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Let us remember that alliteration is defined as the repetition of initial consonnant sounds in a series of words that are together or at least close together to produce a particular sound effect in the poem and help it to "flow" better. Alliteration is a technique that Byron uses a lot in this poem, and there is an excellent example in the first stanza:
The Assyrian came down like the wolf on the fold,
And his cohorts were gleaming in purple and gold;
And the sheen of their spears was like stars on the sea,
When the blue wave rolls nightly on deep Galilee.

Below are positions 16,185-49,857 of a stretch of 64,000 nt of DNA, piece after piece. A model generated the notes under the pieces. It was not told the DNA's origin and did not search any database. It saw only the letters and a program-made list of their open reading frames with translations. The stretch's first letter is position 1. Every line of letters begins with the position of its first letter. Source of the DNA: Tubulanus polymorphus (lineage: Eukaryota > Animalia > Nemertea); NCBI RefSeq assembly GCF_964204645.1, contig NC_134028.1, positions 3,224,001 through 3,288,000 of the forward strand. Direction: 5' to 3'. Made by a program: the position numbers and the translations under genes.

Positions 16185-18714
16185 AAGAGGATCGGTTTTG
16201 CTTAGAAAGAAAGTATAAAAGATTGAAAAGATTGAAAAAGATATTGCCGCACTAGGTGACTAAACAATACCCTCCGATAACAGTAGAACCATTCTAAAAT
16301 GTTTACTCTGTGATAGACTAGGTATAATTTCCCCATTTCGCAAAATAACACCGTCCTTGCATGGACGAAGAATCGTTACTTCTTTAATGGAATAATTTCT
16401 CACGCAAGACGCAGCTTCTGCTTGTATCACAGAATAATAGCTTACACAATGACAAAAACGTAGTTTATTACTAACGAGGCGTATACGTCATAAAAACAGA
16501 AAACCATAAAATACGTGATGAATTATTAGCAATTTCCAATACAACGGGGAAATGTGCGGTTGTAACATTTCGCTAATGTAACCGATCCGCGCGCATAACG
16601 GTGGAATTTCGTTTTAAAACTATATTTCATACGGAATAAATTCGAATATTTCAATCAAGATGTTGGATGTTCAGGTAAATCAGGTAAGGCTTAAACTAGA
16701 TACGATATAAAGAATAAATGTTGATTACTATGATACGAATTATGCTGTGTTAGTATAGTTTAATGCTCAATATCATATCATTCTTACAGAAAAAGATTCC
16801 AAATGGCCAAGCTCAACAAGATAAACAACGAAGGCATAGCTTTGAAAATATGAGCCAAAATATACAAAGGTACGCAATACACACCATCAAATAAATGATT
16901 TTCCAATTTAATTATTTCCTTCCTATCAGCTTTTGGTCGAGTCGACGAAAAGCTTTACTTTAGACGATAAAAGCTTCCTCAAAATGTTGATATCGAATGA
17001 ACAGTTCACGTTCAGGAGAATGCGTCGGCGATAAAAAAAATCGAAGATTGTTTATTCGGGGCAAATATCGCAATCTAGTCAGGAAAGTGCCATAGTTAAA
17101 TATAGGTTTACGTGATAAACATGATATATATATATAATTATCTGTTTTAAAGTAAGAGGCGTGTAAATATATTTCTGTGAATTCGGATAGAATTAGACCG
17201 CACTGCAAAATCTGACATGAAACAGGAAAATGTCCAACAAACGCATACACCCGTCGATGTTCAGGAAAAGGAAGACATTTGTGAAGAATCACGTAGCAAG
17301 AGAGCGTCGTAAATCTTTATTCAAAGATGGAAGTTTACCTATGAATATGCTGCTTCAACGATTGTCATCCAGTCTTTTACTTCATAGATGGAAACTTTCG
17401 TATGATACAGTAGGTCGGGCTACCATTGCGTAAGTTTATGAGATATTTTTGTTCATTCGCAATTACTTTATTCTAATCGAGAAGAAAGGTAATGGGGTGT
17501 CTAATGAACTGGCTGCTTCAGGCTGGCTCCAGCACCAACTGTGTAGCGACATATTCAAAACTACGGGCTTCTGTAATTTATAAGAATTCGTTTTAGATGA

Note the third line and the repetition of the "s" sound in words such as "spears," "stars" and "sea." Note how this alliteration, with the simile that is built around it, serves to emphasise the might and power of the Assyrian force. They are so numerous that the sheen of their spears appear to be like many different stars. Byron is exaggerating their numbers to, in turn, highlight the power of God in destroying them later on in the poem.
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